The Role of Idiosyncratic Deals in Building Affective Commitment: Amending Procedural Injustice with Nonstandard Employment Contracts



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Researchers have reported contradictory findings regarding the use of idiosyncratic deals (i-deals) in the workplace, citing both negative and positive relationships with organizational justice (Greenberg, Roberge, Ho, & Rousseau, 2004). In this study, I analyzed the responses of 176 university faculty members to investigate the complicated relationship between i-deals and justice perceptions in the context of the dyadic leader-member exchange (LMX) process and its effect on organizational commitment. I leveraged the extant literature to advance a mediation model of LMX on affective commitment, partially influenced by procedural justice. In addition, I integrated current theory on i-deals by hypothesizing a moderating effect on the positive relationship between perceived justice and commitment. Results support the proposed model (R2 = .42, p < .01), demonstrating that i-deals significantly weaken the relationship between procedural justice and affective commitment. Findings provide insight as to the appropriate usage of i-deals in practice, as well as provide further understanding of their impact on leader-induced effects of employee commitment. I also discuss suggestions for future research directions and practical implications.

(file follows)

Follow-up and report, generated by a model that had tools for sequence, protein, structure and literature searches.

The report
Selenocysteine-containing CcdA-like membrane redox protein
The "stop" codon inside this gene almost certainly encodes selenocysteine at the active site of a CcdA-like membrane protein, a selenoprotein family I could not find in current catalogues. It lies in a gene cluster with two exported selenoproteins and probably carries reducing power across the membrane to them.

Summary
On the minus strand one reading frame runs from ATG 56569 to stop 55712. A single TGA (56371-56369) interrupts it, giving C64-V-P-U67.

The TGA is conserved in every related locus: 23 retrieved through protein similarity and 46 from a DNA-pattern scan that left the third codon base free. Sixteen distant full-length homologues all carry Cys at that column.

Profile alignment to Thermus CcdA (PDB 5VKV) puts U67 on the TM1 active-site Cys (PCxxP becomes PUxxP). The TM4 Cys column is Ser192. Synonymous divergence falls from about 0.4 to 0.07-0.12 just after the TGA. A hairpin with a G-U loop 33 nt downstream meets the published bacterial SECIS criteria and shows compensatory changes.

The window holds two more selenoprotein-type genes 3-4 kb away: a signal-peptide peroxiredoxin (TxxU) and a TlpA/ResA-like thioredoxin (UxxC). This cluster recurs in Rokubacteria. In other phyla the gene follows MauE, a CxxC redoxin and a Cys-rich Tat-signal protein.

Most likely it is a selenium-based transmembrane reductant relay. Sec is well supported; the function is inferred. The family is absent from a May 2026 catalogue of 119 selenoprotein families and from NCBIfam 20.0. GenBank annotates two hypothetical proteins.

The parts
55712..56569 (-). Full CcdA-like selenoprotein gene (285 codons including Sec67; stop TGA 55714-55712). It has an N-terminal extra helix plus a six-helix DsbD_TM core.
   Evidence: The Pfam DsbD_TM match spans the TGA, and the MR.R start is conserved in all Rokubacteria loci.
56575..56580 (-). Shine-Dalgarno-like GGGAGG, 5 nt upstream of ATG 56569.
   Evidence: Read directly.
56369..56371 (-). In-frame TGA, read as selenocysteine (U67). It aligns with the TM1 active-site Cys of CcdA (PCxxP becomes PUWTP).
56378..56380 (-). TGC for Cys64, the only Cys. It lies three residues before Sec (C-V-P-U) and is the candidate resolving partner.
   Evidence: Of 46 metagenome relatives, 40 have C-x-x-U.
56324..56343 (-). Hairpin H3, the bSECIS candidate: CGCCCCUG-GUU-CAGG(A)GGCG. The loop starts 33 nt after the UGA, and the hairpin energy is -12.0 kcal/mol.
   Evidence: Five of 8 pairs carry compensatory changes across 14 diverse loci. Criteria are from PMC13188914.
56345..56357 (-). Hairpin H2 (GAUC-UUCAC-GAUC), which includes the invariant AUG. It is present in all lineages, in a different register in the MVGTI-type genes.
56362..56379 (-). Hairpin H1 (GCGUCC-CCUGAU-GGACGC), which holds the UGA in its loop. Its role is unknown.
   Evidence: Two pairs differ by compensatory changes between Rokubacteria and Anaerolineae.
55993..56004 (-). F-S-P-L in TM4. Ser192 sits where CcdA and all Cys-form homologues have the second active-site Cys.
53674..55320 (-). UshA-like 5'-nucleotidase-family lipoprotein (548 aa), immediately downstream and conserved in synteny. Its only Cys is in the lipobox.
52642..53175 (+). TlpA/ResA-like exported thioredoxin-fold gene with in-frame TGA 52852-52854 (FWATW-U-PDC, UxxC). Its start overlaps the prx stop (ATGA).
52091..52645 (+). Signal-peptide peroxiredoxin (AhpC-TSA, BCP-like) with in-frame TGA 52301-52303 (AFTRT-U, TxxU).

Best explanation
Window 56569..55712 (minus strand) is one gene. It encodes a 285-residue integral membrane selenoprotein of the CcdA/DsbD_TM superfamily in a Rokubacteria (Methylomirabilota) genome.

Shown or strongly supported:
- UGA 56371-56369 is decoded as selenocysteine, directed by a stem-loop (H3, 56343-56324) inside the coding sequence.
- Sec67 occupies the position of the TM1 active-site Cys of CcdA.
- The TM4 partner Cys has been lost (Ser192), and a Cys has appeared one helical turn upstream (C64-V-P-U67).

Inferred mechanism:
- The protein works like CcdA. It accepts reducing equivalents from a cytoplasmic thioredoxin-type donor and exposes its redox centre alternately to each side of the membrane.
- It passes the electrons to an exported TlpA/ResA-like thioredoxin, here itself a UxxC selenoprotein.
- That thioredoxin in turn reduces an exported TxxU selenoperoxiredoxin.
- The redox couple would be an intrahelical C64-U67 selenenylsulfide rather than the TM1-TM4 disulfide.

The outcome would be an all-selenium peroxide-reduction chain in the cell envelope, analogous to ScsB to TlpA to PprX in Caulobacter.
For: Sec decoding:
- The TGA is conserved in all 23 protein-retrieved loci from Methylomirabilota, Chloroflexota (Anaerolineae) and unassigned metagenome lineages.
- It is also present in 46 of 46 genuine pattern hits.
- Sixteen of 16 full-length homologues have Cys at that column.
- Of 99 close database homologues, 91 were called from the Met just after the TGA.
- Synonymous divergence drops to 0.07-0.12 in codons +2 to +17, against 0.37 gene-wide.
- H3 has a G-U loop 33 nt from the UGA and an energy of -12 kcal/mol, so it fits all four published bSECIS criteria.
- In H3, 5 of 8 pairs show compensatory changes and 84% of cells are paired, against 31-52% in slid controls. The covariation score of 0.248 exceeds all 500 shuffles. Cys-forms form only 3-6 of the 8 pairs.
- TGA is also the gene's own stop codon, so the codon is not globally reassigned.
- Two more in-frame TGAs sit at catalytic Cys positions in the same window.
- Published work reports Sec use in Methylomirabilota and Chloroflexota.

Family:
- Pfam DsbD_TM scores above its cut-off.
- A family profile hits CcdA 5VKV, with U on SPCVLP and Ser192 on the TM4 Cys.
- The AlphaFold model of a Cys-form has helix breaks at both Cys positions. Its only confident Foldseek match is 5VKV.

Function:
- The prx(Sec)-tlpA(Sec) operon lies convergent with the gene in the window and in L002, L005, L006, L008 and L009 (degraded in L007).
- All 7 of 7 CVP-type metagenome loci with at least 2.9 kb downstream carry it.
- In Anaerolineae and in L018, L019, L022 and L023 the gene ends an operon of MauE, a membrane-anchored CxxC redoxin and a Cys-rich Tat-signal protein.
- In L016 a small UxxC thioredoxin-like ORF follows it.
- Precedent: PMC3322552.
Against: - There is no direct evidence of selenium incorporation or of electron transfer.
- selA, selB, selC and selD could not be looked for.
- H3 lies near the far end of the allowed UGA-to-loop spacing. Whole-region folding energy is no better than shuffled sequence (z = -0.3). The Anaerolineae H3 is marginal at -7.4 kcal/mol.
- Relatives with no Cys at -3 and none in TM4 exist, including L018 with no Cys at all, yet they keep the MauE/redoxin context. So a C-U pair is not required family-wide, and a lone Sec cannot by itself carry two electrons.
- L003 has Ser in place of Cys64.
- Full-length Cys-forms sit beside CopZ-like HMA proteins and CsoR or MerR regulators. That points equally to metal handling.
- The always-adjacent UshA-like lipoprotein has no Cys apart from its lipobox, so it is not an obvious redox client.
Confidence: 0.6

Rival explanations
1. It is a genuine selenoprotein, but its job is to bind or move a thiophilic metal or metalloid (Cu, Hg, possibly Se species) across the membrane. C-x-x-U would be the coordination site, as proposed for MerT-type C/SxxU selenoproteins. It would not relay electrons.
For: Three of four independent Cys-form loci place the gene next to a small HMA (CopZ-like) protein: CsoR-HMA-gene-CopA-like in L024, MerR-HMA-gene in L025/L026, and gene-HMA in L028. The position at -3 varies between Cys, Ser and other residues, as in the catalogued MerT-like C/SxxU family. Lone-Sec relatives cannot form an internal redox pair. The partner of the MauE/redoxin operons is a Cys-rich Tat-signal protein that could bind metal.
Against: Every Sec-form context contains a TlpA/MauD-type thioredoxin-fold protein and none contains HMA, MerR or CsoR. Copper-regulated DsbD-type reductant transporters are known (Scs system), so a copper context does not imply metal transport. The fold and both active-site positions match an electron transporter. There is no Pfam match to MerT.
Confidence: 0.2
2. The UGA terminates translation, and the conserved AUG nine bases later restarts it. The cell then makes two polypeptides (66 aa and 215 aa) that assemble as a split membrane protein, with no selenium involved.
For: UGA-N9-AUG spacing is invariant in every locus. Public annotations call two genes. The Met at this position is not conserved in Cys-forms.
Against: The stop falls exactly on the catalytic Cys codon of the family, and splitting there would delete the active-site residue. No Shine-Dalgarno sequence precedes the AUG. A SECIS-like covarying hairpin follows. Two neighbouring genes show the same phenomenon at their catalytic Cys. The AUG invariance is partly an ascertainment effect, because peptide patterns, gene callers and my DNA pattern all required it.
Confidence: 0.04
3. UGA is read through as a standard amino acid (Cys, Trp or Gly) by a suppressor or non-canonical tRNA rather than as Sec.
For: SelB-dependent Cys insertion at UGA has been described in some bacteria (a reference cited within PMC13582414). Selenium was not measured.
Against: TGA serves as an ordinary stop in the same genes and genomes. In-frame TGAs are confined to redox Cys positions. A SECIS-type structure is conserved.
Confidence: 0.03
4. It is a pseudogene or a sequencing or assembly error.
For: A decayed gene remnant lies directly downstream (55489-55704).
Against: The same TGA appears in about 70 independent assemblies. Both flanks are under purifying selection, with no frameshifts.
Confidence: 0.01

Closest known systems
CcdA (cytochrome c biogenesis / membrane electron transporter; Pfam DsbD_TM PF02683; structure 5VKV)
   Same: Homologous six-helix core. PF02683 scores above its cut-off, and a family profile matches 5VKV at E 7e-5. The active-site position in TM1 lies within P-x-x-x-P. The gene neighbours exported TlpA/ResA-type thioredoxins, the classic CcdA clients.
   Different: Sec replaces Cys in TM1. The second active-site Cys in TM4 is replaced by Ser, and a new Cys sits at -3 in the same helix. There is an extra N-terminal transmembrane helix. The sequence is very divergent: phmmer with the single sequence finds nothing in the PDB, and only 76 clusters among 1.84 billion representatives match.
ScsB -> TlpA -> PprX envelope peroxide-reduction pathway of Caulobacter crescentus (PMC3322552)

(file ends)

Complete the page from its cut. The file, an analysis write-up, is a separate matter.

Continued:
Idiosyncratic deals, Leader-member exchange, Affective commitment, Procedural justice, Negotiations